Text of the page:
When fire strikes a residential building, even people who are not injured need help, and quickly, and sometimes lots of it.
Fire tragedies leave many homeless and friendless
My daughter shouted from her room: "Look out the window". Then, I saw the fog of smoke. My junior investigative reporting team (my daughters), went down to see what was going on and brought back a report along with several pictures: the fire was in "Danger Building".
Danger Building got its infamous name after the 2005 Iranian earthquake, when the frightening aftershocks, which made the building shake considerably, sent its residents running outside. On January 10, the residents of Danger Building were out on the streets again, this time escaping from a fire.
From 6am on Friday until Saturday morning, there was almost no one out to help the families that had taken refuge in their cars, corridors of the surrounding buildings, and on the grassy slope supporting the exits on Al Khan Bridge, as they watched their building smolder and burn.
"Have the building owners or management come to see the residents?" I asked. "No. It's Friday...who cares about us?" one resident, Riya, told me. These words stopped me in my tracks. Why does she feel this way? Is it true? I got my answer, when no one responded to those who needed help. I decided to put social media to the test and sent out messages on Twitter and Facebook to several charities and other local organisations that do occasional charity campaigns, but got no reply.
Where were the aid agencies and volunteers who could assist them that chilly, cloudy morning? Why do some cases get more attention than others? Charity can't be about some lending a hand only if the tragedy merits a multi-page, glossy-coloured photo-op, pats on the backs, and international praise.
As the blaze raged, management was mute, but quickly found its voice when it came to matters of money. When some residents decided to cancel their newly signed contracts and asked for their cheques back, the building management had the nerve to demand three months rent.
Fifteen days later, another fire, but this time, the tragedy is multiplied. Over 100 families are homeless, having lost everything. This time, help was forthcoming. And unlike at Danger Building, during the second fire at Al Baker Tower, there were volunteers taking names and numbers. Perhaps it was because Al Baker Tower was only two years old; but then, the question is how did such a new building burn so fast? Looking at the torched skeleton of the building, I thought about all of those who lost everything. Luckily for them there was some help.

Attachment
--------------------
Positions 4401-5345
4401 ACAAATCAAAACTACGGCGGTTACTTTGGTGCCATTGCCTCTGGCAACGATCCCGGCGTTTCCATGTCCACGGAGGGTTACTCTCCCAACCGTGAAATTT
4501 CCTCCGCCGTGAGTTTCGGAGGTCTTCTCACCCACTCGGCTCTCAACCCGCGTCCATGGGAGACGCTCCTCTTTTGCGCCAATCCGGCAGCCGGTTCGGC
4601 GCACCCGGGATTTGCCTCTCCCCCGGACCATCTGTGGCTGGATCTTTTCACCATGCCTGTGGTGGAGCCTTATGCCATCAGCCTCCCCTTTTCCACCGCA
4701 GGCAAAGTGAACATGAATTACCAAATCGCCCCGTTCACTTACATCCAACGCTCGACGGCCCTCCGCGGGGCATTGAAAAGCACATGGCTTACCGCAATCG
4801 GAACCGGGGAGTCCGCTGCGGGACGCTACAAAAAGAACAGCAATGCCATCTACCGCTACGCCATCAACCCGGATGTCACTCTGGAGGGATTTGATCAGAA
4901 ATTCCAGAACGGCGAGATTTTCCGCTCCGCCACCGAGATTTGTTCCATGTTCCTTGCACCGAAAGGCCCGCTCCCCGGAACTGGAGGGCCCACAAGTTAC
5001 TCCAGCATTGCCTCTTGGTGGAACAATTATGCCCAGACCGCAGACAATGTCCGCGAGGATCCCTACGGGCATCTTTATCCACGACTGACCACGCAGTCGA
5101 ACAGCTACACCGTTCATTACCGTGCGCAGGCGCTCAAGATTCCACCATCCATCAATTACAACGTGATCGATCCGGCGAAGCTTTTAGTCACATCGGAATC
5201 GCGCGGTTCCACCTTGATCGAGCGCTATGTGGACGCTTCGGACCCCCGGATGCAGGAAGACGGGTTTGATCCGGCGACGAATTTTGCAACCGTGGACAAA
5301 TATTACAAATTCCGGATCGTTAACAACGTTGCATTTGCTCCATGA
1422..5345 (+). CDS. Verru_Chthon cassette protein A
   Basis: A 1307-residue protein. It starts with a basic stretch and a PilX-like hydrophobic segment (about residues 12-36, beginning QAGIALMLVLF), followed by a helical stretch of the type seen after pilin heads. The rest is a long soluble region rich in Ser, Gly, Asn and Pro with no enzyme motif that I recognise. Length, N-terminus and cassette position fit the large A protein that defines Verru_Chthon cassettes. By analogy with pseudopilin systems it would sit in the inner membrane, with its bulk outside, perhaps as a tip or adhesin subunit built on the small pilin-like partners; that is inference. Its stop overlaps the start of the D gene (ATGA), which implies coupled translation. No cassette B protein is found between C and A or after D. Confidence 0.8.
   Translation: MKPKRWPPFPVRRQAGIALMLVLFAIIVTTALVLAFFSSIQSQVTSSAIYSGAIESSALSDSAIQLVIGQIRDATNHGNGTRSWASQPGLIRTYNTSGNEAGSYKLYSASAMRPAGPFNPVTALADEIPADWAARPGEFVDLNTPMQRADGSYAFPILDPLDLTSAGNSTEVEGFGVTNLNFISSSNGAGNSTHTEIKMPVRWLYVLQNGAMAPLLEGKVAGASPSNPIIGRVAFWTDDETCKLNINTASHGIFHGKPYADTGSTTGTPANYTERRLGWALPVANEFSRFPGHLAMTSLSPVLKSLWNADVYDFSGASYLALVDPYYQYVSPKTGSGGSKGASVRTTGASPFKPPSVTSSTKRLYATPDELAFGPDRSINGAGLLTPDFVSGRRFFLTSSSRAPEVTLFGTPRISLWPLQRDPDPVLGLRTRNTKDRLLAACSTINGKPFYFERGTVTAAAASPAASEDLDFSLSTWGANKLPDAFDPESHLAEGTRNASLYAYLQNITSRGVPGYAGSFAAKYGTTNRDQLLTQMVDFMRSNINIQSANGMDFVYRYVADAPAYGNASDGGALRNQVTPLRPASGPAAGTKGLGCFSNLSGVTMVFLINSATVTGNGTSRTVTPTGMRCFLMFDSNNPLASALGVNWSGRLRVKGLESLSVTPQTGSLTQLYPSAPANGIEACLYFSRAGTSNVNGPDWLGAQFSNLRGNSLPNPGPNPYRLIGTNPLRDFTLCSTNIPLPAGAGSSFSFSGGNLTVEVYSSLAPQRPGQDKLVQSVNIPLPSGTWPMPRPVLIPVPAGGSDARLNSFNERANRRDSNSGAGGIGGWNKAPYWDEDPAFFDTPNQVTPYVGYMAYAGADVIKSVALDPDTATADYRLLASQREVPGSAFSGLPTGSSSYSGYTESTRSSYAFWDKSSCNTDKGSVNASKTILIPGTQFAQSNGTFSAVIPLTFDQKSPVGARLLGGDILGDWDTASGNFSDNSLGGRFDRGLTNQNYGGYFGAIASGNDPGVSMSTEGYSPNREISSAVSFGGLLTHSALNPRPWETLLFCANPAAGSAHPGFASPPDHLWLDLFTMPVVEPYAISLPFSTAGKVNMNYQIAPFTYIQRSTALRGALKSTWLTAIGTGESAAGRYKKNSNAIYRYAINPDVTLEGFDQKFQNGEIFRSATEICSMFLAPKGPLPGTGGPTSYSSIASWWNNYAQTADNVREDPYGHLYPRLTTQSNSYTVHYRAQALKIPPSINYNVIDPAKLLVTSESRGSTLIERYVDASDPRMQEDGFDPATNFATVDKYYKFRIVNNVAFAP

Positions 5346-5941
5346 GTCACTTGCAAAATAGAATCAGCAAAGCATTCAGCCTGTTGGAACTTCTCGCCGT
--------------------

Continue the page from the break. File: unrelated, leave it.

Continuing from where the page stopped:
Sheikha Bodour bint Sultan Al Qassimi is heading a campaign, in collaboration with several other businesses and charities, to give some assistance to the victims of this devastating tragedy. They are collecting clothes and household items, and assisting people with temporary shelter. This campaign lasted only a week; it will take many many more to recover fully.
How did these two fires start? Were there any fire safety mechanisms in place? Fire drills? In my building, there isn't any. I have a fire extinguisher in my kitchen but I need to practice using it. Mohamed Shakkir, an architect with Haruia Associates, told me that sometimes the building owners will ask that in order to cut costs that the fire exits be removed.
Here are a few tips. If your building has fire exits practice a fire drill with your family. Learn the easiest path out of your building, and keep your important papers and money ready incase you need to leave in a hurry. Ask schools to have a fire safety week. Perhaps with some of these prevention methods, fires can be stopped or their severity lessened. Don't rely on building management.
So where do ordinary expatriates go when they find themselves homeless? Who will come to their aid? Only a few friends, I've learned. When it comes to rent, contracts, and real estate management, tenants are thrown to the lions. It seems heartless that even days later, residents are still homeless. Where will they eat and sleep? How will they get to work and school?
The UAE has many millionaires, businesses and charities helping people around the world.
But charity begins at home. With mercy and care, we can grow together. Without them, we're just individual grains of sand tossed around by the uncaring winds of circumstance.
Maryam Ismail is a sociologist and teacher who divides her time between the US and the UAE